Regent’s Park, London – May 2015
Of all the parks in London, Regent’s is certainly one of my favourites. For one it’s where the zoo is, and I do love a good zoo, but also every square inch of the park is a perfect reflection of summer. Located in the heart of London, mostly within Westminster, the park is very easy to find and spans across a large chunk of the area and into Camden. The park is intoxicated with an abundance of flowers, plants and fountains which lure you in the further you travel inside. The ideal plan of action when facing Regent’s Park is to drift slowly towards the Queen Mary’s Gardens which lies at the centre. You can either explore these gardens before setting off towards the zoo, or if you are up for more of a walk, carry on towards Primrose Hill.
The sheer size and diversity of the park excel it beyond others as there is so much to do here, but what I enjoyed most is the tranquillity that stuns the atmosphere. Walking into the park I noticed many people had decided to escape their busy lives in favour of catching the sun and relaxing on the grass. People were littered across the grass, hidden behind clusters of vibrantly coloured flowers and foliage. This was perhaps the nicest aspect of the park; the more you walk through it that tranquil feeling never escapes you whereas in somewhere like Hyde Park there is too much commotion from the floods of children and students. Regent’s Park very much succeeds in managing to harbour hundreds of people in its clutches without making it seem as though it is actually that busy, like some kind of crazy optical illusion.
If you do find yourself (accidentally or on purpose) floating around Regent’s Park or just fancy getting yourself amongst the flowers (beware all hayfever sufferers) then here are some ideas for you:
Queen Mary’s Gardens
This is for sure my favourite part of the park, concealed deep in the heart of the park the Gardens come to life from Spring to Summer. Dozens and dozens of different plants and flowers lay scattered around a small lake inhabited by ducks and swans. If you stick to the path as you come through the big golden gate you will not be upset. Follow it towards the lake and over the small bridge to find yourself lost in a photographers paradise, or maybe more of a flower-enthusiasts paradise… either way its great. There is also a nice waterfall to stare at as well as benches dotted around the side for you to sit back in gawp at the view.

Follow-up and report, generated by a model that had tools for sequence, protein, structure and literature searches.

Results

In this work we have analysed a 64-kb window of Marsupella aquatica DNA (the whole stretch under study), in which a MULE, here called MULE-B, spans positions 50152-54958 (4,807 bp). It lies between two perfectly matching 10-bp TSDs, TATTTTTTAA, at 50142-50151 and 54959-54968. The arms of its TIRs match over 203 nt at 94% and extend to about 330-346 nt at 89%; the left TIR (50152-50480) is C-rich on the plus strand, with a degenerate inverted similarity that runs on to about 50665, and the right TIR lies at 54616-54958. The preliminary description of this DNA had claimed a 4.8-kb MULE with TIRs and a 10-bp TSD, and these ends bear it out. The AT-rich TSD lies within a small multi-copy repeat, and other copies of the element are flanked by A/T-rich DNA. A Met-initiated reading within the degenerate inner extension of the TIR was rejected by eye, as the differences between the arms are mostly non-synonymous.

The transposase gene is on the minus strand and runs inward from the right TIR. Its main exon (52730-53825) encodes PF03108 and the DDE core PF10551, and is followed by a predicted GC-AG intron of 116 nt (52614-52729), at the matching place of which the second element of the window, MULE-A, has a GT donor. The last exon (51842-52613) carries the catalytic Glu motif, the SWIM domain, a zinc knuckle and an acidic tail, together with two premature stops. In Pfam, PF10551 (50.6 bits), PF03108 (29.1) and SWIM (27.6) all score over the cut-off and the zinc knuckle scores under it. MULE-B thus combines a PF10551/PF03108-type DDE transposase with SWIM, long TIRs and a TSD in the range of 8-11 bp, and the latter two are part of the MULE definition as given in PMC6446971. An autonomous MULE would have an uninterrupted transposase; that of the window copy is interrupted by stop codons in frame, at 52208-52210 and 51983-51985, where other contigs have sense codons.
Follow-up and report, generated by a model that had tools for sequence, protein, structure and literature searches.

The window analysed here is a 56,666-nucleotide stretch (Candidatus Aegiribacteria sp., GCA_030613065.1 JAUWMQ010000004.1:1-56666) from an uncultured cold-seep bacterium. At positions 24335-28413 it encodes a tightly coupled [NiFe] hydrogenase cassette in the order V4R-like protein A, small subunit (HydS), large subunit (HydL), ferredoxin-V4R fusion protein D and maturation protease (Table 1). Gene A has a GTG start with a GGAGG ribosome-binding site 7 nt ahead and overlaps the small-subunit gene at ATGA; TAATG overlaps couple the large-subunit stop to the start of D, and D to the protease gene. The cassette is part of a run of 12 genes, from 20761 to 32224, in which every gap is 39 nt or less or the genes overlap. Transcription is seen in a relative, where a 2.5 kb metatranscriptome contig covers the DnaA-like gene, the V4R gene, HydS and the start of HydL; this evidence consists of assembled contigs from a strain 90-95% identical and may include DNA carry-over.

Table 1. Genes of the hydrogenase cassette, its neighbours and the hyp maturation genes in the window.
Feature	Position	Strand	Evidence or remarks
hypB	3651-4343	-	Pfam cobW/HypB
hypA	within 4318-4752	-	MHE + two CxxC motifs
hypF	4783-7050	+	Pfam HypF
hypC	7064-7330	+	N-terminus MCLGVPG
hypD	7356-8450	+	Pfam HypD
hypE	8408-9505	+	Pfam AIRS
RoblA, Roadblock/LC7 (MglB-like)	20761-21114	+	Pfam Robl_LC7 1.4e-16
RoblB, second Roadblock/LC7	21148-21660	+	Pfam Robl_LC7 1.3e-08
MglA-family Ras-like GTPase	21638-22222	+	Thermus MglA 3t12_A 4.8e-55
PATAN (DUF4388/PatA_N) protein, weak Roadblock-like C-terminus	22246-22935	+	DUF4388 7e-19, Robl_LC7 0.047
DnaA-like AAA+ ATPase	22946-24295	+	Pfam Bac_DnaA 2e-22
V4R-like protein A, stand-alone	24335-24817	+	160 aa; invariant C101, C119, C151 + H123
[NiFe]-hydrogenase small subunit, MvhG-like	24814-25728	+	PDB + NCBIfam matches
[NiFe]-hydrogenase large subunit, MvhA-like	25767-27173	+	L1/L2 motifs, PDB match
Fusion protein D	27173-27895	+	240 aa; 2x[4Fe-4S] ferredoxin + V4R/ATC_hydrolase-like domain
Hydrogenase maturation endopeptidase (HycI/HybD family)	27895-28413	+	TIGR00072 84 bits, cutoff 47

Zoo’s are great so I feel as though this doesn’t even need that much explaining. London Zoo is good but not brilliant, but then again it has animals so how can it not be that brilliant? Well for one it isn’t huge and its list of animals is not as extensive as others, like LA zoo which was just silly how big it was (find out how much I liked it here: https://mrcharliesb.wordpress.com/2014/08/03/loving-life-in-la-zoo/). Anyhow, it does have a lot of gorillas as well as komodo dragons, hippos, lemurs, meerkats and a whole host of other cool animals. This zoo is perhaps more of a child-aimed demographic so for families with small kids this is a perfect destination. But be warned, it can be expensive.
Set in the heart of London the Open Air Theatre is a wonderful idea to bring theatre to life outside. Now I haven’t actually done this yet, but its on my ever-growing list of things to do and I will conduct a review upon finally going! But f anyone reading gets the chance to go I would definitely encourage you to!
Here’s a link to what they have on: https://openairtheatre.com/whats-on?by=productions
Primrose Hill is one of the best places in London to go if you want to see the sunset, and possibly the best place to take a picture of it. If you walk through the Queen Mary Gardens and out of the park, it is only a short distance away to your right after you head over the road. Although its a steep incline and half way up the (pretty short) hill you will be wondering why you even bothered, when you get to the top it is completely worth it. The view stretches out over London so that you can clearly see the BT Tower as well as a glimpse of London’s skyline lying behind Regent’s Park. The best time to go is just in time for the sunset to watch the sun go to bed behind the concrete skyline.